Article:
Choosing who should have empathy, or with whom to be “empathetic” is not empathy. Empathy is a neutral skill. It is the ability to integrate the parts of the orchestral performance into a whole that is much more than the sum of the parts.
Missing the subtle nuance of communication.
“It’s just that I know neurotypicals are generally jostling for social position or running on an impenetrable and often very obvious and boring program.” [the second sentence from my blog reader].
Without the ability to empathize, or integrate the parts into a whole, it is no surprise that “Aspies” develop some interesting ideas on what empathy is. I want you to think about how difficult it might be to understand empathy, when you have never experienced it. Not easy, is it?
My blog reader thinks empathic communication among NTs is “jostling for social position,” and “. . .running on an impenetrable and . . . boring program.” I can understand completely that she misreads the intentions of NTs. Empathy isn’t always so easily observed because it comes from an inner knowing. Because empathy skills are not strong for “Aspies,” they rely on cognitive observations, which miss the subtle nuances — and the intended meaning.
Here are a few examples of how some “Aspies” described their NT partner’s empathic behavior.
- “When she talks with me it’s like confetti. I just wait for the confetti to fall to the ground. When she finally gets to the point, I listen.” From an “Aspie” husband.
- “My wife gives a lot of back story until she gets to the point. I am a very good listener so I try to follow all of this back story, but I usually get lost. I never know where she is going.” From an “Aspie” husband.
- “In order to make my writing more interesting to Neuro-typicals, I have learned to add all of these extra words to my manuscript. It’s like they need these curly-Qs, for some reason.” From a woman who writes fantasy novels.
Empathy is definitely not treating another person’s words as if they are confetti, or back story or curly-Qs — or impenetrable and boring, but at least these “Aspies” are trying to connect. They know the NTs in their lives want more and they are making an effort to figure it out. Nevertheless, empathy is still a mystery to them.
Why“Aspies” feel marginalized and disconnected.
“Why should I be empathetic to that? They are not empathetic to my need for autonomy and to live in a healthy world.”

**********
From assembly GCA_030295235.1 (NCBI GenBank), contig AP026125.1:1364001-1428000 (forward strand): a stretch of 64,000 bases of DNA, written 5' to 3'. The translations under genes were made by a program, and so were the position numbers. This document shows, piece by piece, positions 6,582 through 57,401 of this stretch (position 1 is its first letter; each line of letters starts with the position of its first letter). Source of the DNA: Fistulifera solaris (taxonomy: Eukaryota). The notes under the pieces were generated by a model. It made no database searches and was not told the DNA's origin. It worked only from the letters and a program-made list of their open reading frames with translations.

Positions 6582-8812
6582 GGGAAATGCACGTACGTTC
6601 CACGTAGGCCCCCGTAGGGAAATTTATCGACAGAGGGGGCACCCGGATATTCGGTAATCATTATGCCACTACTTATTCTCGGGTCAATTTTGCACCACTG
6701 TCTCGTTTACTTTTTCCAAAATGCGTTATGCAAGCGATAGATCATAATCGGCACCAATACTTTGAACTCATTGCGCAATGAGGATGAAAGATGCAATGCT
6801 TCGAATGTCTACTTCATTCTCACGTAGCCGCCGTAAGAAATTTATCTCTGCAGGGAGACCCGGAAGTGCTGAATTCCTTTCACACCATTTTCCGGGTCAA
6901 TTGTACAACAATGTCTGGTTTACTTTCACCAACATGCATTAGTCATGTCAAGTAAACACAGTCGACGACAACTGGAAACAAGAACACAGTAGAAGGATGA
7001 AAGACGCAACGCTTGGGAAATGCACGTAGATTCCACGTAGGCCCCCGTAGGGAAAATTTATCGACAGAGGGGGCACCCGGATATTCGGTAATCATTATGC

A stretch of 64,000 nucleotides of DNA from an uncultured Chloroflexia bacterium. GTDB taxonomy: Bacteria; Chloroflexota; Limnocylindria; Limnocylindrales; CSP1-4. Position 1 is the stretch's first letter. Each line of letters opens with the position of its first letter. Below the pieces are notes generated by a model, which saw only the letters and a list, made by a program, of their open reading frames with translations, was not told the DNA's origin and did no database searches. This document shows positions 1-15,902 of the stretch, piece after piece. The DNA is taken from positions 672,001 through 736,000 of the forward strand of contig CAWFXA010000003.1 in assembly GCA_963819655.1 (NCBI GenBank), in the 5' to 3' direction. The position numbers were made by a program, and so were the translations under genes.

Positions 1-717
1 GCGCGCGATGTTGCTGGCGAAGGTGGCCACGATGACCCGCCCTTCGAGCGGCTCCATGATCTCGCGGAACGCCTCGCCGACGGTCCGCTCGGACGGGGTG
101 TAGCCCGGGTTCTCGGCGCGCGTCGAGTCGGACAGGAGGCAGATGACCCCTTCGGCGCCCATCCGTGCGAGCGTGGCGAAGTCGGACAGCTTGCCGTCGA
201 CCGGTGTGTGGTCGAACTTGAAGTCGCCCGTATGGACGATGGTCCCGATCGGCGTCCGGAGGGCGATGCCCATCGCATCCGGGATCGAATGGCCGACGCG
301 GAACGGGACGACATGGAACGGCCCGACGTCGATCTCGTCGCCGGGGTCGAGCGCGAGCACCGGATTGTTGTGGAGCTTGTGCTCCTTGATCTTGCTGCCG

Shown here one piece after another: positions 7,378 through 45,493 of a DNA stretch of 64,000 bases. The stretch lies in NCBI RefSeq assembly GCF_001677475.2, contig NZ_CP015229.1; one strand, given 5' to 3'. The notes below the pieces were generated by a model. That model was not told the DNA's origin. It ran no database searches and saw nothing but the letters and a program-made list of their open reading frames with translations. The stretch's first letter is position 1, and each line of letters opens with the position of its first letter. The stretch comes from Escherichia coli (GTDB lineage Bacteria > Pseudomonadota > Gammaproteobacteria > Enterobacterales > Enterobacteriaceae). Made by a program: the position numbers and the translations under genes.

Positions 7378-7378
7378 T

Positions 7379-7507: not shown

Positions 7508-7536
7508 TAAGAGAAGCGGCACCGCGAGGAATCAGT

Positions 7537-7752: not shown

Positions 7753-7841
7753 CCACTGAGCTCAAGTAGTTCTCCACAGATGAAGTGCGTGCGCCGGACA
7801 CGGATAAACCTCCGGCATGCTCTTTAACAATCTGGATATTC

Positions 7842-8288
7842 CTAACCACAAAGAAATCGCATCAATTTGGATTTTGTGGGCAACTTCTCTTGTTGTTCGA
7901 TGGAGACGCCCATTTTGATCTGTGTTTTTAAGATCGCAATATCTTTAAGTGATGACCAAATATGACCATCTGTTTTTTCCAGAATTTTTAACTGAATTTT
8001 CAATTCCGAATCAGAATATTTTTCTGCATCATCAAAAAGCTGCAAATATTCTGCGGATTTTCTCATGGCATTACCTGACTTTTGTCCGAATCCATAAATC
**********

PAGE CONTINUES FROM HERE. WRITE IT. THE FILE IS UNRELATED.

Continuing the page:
Can you blame this woman for being angry? She wants acceptance for just who she is. Without the ability to read between the lines, she has spent her lifetime being misunderstood. Good intentions don’t come across well in the NT world, when they are missing the empathic touch, something she calls “impenetrable and . . . boring.”
We NTs believe that all people have empathy, or that they should. When the “Aspie” misses an important social cue, or puts their proverbial foot in their mouth, we are aghast. No one helped us understand what autism may look like in an intelligent, quirky, high functioning individual. So, we fail them. We dismiss their behavior as rude or ignorant. We can do better.
On the other hand, “Aspies” need to accept that they do lack empathy, and that this is unnerving for NTs. For example, my former spouse made an off hand comment one day, in front of our guests. We had people over to play board games. At the completion of one game, Trivial Pursuit, I won. My then spouse looked astonished and said, “Wow! You really do know stuff. I always thought you just pretended to know things.”
I found his comment offensive and my guests were unnerved. In fact, because he lacks empathy and a theory of mind, he had no awareness of what I know or do not know. He only knows what he knows. He did observe that I won the game fair and square, but he didn’t congratulate me. Nor would he be able to ever acknowledge in the future that I had a mind (and knowledge) that is different than his own.
Building an interface protocol.
One man with ASD form the UK is a faithful follower of my work. On the release of my latest book he said,
“The Aspie person always sounds like the villain in your writing, Kathy.”
That hurt. I don’t want him to believe I consider him the villain. Blaming someone else for just who they are is certainly no solution. It doesn’t get to the heart of the matter. It is such a delicate balance to explore the dynamic of Empathy Dysfunction (EmD) in order to enlighten people, and yet not blame.
My goal is to enlighten and to search for the elusive interface protocol, so that even without empathy, “Aspies” and NTs can connect.